More products have been added to the range to enable them to perform year-round tasks on Britain’s roads, including pothole and surface repairs. New ways of working were also introduced to help councils who were struggling to purchase sufficient gritters to keep roads moving during the winter period, and Econ introduced a rental scheme. The introduction of the hire fleet was a transformative business strategy from Jonathan and his brother Andrew. As Jonathan adds, “We are an entrepreneurial family and it made sense to offer the hire fleet solution. It worked out well and continues to help the business grow.”

Innovation is on the Econ agenda and state-of-the-art production is evident for all to see. Mobile technology has been integral to recent developments and across all departments, improvements have been introduced to increase productivity and efficiency.

From starting out on the family farm to where the business is today, is a monumental accomplishment and a real family business success story. Bill would be delighted with how the business looks today but could not possibly have imagined that it would be the size it has become. Econ vehicles are used all over the UK to keep the roads clear and are iconic in their livery of bright yellow with the letter ‘E’ firmly on display too.

Annual turnover is now over £40 million and the business has become an integral part of the Ripon community, not least through the employment of staff, generation of income and creation of wealth, but also through the direct impact the business has on the local community.

As Jonathan concludes, “As a family business we have come a long way and have created something that as a family we can be rightly proud of. Dad would be ‘gobsmacked’ to see where the business is today and really proud of the work that the family and our broader team have done to make it successful.”

“Strong family values are part of the culture here at Econ – honesty, reputation, reliability and service are all integral to what we all do day-in and day-out. We are proud manufacturers based in Yorkshire. We are proud of what we do and the products that we make. Being a family business is special too. Above all, we are committed to continuing the legacy of my father, and the family to continue to build and invest in our future and continue to make products and services that we know will keep Britain on the move, today, tomorrow and long into the future.”

ECON’s Finance Director In Running For Two Awards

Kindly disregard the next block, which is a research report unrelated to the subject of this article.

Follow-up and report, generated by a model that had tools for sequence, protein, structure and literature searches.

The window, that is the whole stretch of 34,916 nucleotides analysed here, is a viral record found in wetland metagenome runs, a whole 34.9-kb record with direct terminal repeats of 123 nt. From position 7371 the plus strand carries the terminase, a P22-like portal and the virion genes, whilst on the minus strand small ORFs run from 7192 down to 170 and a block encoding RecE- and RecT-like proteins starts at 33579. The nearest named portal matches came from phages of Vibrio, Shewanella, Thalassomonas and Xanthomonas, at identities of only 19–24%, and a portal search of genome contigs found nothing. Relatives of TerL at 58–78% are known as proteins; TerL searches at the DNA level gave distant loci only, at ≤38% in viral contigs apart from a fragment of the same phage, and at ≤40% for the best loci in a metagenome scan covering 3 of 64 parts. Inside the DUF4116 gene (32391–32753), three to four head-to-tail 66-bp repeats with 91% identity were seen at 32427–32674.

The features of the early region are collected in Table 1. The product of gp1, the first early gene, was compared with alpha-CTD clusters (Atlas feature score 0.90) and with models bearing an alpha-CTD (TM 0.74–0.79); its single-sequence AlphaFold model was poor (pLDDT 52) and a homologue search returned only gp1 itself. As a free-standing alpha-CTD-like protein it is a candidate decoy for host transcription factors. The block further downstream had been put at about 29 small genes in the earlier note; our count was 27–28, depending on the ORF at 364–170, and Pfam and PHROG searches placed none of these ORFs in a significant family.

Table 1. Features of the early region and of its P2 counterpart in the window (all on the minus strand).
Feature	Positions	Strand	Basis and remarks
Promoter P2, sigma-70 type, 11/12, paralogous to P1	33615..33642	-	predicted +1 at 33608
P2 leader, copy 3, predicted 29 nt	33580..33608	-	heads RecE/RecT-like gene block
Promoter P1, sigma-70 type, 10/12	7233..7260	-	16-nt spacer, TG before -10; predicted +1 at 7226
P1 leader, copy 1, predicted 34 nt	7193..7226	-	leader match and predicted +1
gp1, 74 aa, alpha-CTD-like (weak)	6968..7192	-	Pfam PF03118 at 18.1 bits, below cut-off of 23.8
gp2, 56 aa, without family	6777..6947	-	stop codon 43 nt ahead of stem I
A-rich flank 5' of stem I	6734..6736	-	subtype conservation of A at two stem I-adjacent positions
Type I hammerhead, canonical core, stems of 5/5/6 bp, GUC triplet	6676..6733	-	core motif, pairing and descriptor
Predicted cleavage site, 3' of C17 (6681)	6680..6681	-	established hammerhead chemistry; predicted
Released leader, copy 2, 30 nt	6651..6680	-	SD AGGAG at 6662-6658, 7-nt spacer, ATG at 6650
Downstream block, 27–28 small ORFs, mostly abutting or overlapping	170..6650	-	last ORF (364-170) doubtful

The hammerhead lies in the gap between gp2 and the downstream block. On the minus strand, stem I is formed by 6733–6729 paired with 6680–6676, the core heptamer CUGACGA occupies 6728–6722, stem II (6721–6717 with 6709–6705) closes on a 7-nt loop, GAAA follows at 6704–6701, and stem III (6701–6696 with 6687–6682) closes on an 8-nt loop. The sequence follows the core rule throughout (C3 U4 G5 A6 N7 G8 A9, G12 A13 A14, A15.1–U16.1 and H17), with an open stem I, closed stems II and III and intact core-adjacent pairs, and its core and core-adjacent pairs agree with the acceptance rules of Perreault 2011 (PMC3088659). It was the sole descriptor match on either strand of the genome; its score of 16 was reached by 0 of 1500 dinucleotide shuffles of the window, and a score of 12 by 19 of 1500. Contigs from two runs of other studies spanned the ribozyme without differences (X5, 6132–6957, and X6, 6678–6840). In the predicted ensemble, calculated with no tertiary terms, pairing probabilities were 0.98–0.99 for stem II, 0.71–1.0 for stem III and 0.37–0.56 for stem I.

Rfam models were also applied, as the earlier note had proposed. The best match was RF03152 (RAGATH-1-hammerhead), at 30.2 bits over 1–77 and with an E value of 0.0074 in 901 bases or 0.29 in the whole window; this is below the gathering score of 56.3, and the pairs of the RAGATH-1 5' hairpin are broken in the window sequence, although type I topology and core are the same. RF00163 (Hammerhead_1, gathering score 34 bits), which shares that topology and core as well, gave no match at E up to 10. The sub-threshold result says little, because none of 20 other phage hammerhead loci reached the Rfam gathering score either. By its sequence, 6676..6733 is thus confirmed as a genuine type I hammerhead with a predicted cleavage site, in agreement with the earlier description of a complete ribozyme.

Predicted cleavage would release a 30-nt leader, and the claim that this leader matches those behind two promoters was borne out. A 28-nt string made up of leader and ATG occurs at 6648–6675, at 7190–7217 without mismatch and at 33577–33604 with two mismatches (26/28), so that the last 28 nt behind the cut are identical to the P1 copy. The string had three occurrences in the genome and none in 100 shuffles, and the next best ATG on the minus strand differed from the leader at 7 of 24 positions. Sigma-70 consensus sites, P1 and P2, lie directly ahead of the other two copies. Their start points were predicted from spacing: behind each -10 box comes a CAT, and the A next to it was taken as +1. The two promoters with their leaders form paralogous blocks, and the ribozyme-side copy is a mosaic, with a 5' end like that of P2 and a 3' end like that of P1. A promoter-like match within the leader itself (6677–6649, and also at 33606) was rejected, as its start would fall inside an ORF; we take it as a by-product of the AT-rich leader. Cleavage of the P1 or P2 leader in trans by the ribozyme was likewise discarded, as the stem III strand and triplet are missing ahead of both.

Beverley Shepherd is nominated for Northern Finance Director of the Year – Leadership, and Best Northern Finance Director of a Limited Company £25m – £100m, a title she won four years ago

Bev began her career at Ripon-based Econ Engineering in 2014 as its Company Accountant before being promoted to Finance Director three years later.

Family-owned and operated Econ manufactures eight out of ten of the UK’s winter road maintenance vehicles, employs a workforce of just under 250 and this year opened a new, £7m engineering hub at Sowerby, near Thirsk.

Beverley said: “It is an honour to be shortlisted for these awards. The interview panel was easy to talk to and it was a good chance as a candidate to reflect on the work I’ve achieved over the last year. Congratulations to all the other finalists and I am looking forward to the final in September.”

Econ Engineering’s Executive Director Jonathan Lupton said: “Bev is a highly-valued and respected member of our senior leadership team. Being shortlisted for two Northern Finance Director of the Year awards is a testament to the outstanding contribution she makes to our business.”

The Northern Finance Director Awards recognise and celebrate the exceptional talent of finance directors and their teams across the North of England.

The Northern Finance Director Awards embrace all that is brilliant about finance directors, who are often the unsung heroes of any business. Traditionally responsible for sustaining business continuity and managing cash flow, the modern finance director now exhibits creative thinking and strategic influence, as well as demonstrating leadership.

The winners will be announced at an awards ceremony and dinner in September.

York Dementia Care Home Receives A Garden Makeover

Award-winning garden designer Luke Arend recently designed a garden for a Dementia care home in York with plants donated by a local nursery firm, Johnsons of Whixley.

St Catherine’s in Shipton by Beningbrough is a dementia specialist care home run by Wellburn Care Homes which has recently gone through a complete transformation after months of research, development, planning and design.

The transformation sees innovative dementia-friendly interiors, gardens and exteriors added all of which were installed with the needs of patients with dementia in mind.

Garden designer Luke Arend, worked to a brief to tempt residents outside, and enjoy the garden with family members. It included functional requirements such as wheelchair access, safe paths with no anxiety-inducing dead-ends and clear edges, safe sensory plants (no poisonous, spiky, or thorny), plants which mark seasonal change, a safe water feature, dappled shade, clear views from the building and raised beds for interaction with the planting.

Luke created concept plans and mood boards and spoke to residents and family members about the design and considered garden features, materials, furniture, lighting and safe plants to invoke a positive, beautiful environment and memories.

Speaking about the benefits of the garden, garden designer, Luke Arend said: “ there is now a strong body of evidence of the enormous physical and mental benefits of just being in a garden and nature for patients with dementia including evoking memories, increasing confidence and socialisation, and importantly decreasing agitation.”